Ever since the beginning, phone makers have been unable to settle on where should the fingerprint sensor live. They’ve tried placing them on the rear, front, side, and as of late, beneath the screens. Now, if you somehow missed following the trends, in-display biometrics were brought to the market first by Vivo primarily to achieve an edge-to-edge panel as there was no space for the fingerprint sensor on the front.

in-display fingerprint sensors are trying to solve a problem that doesn't exist - x21 7

And if you read that last line again, you’ll realize how the predicament in-display fingerprint sensors are trying to figure out actually doesn’t exist at all. Well, for starters, only one out of the other positions are present on the front of phones. Therefore, if manufacturers do intend to get rid of the sensor from the front for making more room for the screen, they can easily relocate it to the back which I personally prefer over everything else. Not to mention that a vast majority of Vivo phones have fingerprint sensors on the rear too.

Even if we do assume OEMs didn’t have a choice and had to innovate for coming up with a better solution, we can’t ignore the fact that in-display fingerprint sensors are kind of underwhelming in their current state. Sure, they look whizzy and allow a phone to stand out, but as far as practicality is concerned, regular fingerprint scanners have undoubtedly a significant edge in a series of aspects.

The most important one is, of course, the fact that they’re dramatically quicker. In-display fingerprint sensors are in their first-gen phase and as a result, take a few milliseconds more to authenticate you. In addition to that, since they’re still quite new in the industry, putting fingerprint sensors inside screens probably takes way more research which consequently contributes to the phone’s price as well.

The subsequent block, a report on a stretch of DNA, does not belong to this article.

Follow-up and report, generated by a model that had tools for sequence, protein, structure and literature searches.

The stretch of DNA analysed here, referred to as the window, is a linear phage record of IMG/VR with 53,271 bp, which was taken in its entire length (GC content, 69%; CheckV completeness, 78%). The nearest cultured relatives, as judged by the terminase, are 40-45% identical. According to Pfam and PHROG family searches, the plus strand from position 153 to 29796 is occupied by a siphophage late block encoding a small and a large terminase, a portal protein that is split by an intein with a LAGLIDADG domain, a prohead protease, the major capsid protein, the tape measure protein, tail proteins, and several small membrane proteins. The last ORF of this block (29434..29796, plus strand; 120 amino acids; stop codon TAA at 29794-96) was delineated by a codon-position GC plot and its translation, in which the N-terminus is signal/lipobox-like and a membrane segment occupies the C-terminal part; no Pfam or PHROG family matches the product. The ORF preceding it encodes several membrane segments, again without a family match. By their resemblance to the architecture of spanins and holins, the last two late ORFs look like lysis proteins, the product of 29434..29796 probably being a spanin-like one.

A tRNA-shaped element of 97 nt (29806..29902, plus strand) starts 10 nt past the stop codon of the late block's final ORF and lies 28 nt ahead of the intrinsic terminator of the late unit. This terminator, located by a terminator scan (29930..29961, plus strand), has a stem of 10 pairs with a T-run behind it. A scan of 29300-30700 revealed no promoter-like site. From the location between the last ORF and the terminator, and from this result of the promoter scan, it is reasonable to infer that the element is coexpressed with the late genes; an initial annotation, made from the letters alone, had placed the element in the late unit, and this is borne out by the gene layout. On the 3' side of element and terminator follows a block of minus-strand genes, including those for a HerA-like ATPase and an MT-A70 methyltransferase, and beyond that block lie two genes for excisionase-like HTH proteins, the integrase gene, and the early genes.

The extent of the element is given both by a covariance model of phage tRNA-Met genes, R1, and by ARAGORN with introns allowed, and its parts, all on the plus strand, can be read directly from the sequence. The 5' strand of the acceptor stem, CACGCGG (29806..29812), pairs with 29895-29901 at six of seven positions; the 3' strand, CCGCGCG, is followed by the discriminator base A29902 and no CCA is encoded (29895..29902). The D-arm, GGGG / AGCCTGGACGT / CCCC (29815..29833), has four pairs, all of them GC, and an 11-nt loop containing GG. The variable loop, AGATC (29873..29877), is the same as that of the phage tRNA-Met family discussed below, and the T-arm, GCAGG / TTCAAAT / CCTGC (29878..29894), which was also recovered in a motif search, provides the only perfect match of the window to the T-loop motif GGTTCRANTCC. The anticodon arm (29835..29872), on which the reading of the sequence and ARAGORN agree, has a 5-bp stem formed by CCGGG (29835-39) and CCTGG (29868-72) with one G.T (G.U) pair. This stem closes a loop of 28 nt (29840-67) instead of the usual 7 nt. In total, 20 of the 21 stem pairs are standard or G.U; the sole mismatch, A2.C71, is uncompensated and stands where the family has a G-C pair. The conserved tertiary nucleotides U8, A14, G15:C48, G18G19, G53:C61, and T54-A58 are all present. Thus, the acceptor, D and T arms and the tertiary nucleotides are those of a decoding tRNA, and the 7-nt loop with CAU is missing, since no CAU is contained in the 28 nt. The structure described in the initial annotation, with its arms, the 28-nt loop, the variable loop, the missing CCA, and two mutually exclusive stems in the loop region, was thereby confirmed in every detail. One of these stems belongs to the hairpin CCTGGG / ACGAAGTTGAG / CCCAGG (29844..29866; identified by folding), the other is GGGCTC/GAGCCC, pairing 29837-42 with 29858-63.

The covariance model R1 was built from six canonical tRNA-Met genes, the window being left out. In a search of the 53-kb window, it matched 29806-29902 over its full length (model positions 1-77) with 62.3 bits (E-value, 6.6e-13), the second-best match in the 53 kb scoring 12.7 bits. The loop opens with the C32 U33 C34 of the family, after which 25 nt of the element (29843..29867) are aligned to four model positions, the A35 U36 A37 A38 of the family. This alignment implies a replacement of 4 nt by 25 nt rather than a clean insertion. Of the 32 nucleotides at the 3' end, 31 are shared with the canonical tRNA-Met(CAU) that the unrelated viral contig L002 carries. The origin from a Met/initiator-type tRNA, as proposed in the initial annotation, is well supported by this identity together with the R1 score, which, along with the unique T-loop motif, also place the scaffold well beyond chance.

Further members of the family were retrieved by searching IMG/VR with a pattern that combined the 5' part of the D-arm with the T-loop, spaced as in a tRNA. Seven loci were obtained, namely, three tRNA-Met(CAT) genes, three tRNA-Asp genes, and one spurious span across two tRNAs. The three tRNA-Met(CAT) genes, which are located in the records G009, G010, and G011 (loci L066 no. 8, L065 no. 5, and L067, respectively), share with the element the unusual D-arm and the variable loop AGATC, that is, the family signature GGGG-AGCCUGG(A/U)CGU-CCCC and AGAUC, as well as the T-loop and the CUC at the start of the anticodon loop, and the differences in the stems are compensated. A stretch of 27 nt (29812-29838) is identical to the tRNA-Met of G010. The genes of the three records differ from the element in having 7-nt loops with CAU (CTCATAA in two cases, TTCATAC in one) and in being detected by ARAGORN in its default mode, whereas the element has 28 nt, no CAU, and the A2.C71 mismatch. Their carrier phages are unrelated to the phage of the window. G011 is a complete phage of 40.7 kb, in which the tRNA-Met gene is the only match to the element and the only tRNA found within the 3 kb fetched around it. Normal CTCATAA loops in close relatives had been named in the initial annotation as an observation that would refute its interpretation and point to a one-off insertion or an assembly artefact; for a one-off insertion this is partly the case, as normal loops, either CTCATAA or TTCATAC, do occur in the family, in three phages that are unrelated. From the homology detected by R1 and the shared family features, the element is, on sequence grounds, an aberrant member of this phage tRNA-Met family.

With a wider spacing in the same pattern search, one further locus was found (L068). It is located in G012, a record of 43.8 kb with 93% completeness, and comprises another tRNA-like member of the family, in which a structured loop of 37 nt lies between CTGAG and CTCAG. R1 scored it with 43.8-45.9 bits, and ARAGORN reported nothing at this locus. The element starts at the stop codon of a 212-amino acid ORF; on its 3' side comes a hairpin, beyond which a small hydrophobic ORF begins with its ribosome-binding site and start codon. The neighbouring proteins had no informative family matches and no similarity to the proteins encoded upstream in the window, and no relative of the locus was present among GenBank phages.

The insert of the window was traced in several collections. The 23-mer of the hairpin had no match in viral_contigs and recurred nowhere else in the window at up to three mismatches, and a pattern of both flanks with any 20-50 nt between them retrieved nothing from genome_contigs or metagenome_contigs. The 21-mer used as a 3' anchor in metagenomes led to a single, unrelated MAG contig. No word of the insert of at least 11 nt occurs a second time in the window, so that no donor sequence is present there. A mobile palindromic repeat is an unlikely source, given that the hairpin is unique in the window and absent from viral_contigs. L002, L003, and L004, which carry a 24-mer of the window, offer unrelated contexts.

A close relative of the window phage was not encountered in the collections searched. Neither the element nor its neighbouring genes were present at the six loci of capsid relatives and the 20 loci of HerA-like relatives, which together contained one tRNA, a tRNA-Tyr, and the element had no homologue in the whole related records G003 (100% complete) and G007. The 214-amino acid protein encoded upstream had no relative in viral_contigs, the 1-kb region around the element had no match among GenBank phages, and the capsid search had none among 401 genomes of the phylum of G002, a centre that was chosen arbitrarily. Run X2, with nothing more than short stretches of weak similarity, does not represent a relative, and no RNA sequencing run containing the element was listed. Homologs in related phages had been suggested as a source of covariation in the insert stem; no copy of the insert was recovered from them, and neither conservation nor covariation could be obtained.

in-display fingerprint sensors are trying to solve a problem that doesn't exist - samsung galaxy a8 plus camera rear

In-display fingerprint sensors can also turn pointless when you drop your phone and break the screen. Even if they do continue to function in those scenarios, I’m sure you will mind pressing your finger for a couple of seconds on a cracked piece of glass.

Moreover, the industry seems to be decamping over to the facial recognition land after the iPhone X introduction. Obviously, offering merely the software-based feature we’ve been noticing on various phones nowadays won’t be acceptable without a fingerprint sensor and going the iPhone X way will be nearly impossible for a few years on budget phones.

in-display fingerprint sensors are trying to solve a problem that doesn't exist - vivo x21 1

But yeah, there have been reports which suggest in-display fingerprint sensors will grow exponentially by the next year. Financial services firm IHS Markit claimed that shipments of phones with fingerprint sensors under the display will reach a hundred million in 2019. Furthermore, Apple was recently granted tens of patents, one of which was for a full-screen fingerprint sensor which might also enable the phone to scan palm prints.

So where does that leave the in-display fingerprint sensor technology? Nowhere, to be honest. There are no major reasons for them to exist and with facial recognition catching up, it’s difficult imagining a future where in-display fingerprint sensors will be the standard. The only advantage they have is that phone makers are able to achieve a cleaner design. Whether that’s enough to justify their existence, we can only wait and see how it pans out.

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